("We cannot agree that a contingency-fee agreement does not obligate a party `to pay attorney's fees from his own pocket'.... After obtaining a judgment, a client who has retained counsel on a contingency basis must surrender the agreed upon percentage of the judgment as remuneration."). Thus, the Moedt-K & M attorney's fee agreement created a financial obligation between Moedt and K & M.

¶ 13 Additionally, this court has interpreted statutory language permitting fees to be awarded to a "prevailing party," as was Moedt, as vesting the interest in the award in the litigant, not the attorney, regardless of what fee arrangement exists between the litigant and her counsel. Alano Club 12, Inc. v. Hibbs, 150 Ariz. 428, 434, 724 P.2d 47, 53 (App.1986). General Motors suggests that Alano Club should control our resolution of this case otherwise, claiming that the case stands for the proposition that an attorney does not have standing to request fees on his own behalf when the litigant has no obligation to pay the fees. Id. Aside from our conclusion that the fee agreement did obligate Moedt to pay K & M, an important factor distinguishing Alano Club from this case is that the Alano Club litigants had dismissed their counsel several months before those attorneys filed their fee application, id., whereas Moedt seemingly has authorized K & M to contest the attorney's fee issue.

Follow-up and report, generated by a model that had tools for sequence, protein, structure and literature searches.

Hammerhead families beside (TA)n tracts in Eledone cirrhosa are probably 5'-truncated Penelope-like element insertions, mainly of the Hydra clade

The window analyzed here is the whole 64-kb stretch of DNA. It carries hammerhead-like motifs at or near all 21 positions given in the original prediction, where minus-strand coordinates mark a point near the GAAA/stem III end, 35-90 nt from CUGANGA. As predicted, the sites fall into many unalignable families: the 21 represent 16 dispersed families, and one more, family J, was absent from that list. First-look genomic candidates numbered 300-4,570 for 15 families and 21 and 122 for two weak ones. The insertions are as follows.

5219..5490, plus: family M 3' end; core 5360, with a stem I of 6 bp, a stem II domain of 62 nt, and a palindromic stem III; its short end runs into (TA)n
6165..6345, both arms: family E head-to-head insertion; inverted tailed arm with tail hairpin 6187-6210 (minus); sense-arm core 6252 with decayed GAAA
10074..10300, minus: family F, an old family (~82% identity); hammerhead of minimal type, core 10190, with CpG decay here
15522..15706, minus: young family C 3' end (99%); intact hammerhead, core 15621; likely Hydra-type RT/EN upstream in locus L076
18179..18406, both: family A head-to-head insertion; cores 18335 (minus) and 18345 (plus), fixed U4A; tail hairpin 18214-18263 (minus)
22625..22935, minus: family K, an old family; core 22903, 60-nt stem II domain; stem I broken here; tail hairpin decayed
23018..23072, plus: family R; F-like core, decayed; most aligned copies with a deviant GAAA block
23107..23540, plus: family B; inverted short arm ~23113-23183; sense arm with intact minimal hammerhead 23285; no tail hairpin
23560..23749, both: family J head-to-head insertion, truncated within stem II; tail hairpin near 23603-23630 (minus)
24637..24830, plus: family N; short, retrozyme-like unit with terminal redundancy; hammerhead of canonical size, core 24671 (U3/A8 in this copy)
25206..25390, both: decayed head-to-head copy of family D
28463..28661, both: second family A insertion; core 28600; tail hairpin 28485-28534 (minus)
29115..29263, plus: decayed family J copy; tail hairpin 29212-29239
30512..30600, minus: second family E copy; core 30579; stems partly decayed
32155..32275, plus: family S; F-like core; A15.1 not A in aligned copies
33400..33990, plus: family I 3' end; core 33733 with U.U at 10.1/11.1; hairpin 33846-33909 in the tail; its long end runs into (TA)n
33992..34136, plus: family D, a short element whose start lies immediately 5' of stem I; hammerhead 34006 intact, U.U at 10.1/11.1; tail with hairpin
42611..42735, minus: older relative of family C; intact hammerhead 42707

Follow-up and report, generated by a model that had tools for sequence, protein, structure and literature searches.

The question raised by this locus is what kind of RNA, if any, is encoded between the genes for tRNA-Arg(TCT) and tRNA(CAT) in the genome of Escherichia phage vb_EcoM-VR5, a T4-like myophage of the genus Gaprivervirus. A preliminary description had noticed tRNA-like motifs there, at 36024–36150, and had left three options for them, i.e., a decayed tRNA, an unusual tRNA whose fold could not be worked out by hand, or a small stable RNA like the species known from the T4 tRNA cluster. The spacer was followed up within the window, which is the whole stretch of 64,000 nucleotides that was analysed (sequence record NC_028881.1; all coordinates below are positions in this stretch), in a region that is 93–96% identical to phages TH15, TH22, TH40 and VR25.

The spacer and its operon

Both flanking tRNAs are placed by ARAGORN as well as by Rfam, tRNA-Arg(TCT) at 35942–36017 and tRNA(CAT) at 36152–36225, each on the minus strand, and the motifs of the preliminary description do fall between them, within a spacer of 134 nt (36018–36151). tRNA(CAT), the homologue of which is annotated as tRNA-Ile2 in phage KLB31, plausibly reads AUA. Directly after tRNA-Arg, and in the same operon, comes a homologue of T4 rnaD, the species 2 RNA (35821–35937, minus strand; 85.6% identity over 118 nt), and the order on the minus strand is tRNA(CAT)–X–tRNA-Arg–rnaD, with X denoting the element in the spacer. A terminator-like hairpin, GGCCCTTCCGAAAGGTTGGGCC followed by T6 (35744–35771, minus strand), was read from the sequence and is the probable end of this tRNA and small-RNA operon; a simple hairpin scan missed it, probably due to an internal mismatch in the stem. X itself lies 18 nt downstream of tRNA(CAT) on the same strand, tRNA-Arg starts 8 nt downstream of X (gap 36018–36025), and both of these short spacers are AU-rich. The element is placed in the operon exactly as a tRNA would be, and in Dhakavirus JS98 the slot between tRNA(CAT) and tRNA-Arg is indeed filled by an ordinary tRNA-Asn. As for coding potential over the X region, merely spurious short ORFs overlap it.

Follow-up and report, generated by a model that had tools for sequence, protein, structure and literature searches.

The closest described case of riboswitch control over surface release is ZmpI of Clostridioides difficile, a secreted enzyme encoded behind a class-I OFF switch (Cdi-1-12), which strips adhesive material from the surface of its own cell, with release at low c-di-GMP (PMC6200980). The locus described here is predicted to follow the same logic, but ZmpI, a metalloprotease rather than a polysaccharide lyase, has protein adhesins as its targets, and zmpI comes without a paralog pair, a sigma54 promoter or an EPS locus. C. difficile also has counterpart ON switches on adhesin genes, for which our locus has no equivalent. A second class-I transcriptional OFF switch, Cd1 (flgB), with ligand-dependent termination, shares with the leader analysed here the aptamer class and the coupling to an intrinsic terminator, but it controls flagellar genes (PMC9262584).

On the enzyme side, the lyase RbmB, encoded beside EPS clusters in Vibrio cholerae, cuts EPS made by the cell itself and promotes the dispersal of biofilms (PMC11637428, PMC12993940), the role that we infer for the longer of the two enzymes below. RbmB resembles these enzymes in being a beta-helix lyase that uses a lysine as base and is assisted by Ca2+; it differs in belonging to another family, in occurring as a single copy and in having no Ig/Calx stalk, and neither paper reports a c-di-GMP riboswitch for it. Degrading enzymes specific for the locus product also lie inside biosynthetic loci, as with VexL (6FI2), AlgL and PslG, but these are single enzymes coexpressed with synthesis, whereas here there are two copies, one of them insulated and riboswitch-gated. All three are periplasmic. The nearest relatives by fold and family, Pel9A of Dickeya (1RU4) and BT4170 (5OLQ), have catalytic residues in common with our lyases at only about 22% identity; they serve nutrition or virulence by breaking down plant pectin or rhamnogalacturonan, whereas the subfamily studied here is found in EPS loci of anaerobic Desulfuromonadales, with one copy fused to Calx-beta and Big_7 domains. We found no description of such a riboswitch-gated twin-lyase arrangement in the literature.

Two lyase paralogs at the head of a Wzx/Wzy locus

¶ 14 We also reject General Motors' contention that Moedt is not an "aggrieved party," required by Arizona Rule of Civil Appellate Procedure 1, and therefore lacks standing. See Abril v. Harris, 157 Ariz. 78, 80-81, 754 P.2d 1353, 1355-56 (App.1987)

(A party is aggrieved if (1) interest is direct, substantial and immediate, (2) party would be benefitted by reversal of the judgment and (3) party's pecuniary interest has been directly affected.); Sedillo v. City of Flagstaff, 153 Ariz. 478, 481, 737 P.2d 1377, 1380 (App.1987)("A person who is dissatisfied with the amount of judgment is an aggrieved party entitled to appeal."); Chambers v. United Farm Workers Org. Comm., 25 Ariz.App. 104, 106, 541 P.2d 567, 569 (1975)("`Standing' focuses on the parties and requires that each party possess an interest in the outcome of the litigation."). Concluding that Moedt could recover fees,2 we consider her challenge of the amount awarded.

¶ 15 Moedt claims that the trial court abused its discretion by awarding less than the total attorney's fees claimed. We therefore examine what power a court has to award fees according to the applicable statutory provisions.

¶ 16 Section 44-1265(B), A.R.S., states that, if "a consumer prevails in an action under this article, the court shall award the consumer reasonable costs and attorney fees." Although no opinion has considered an award pursuant to this provision, a case...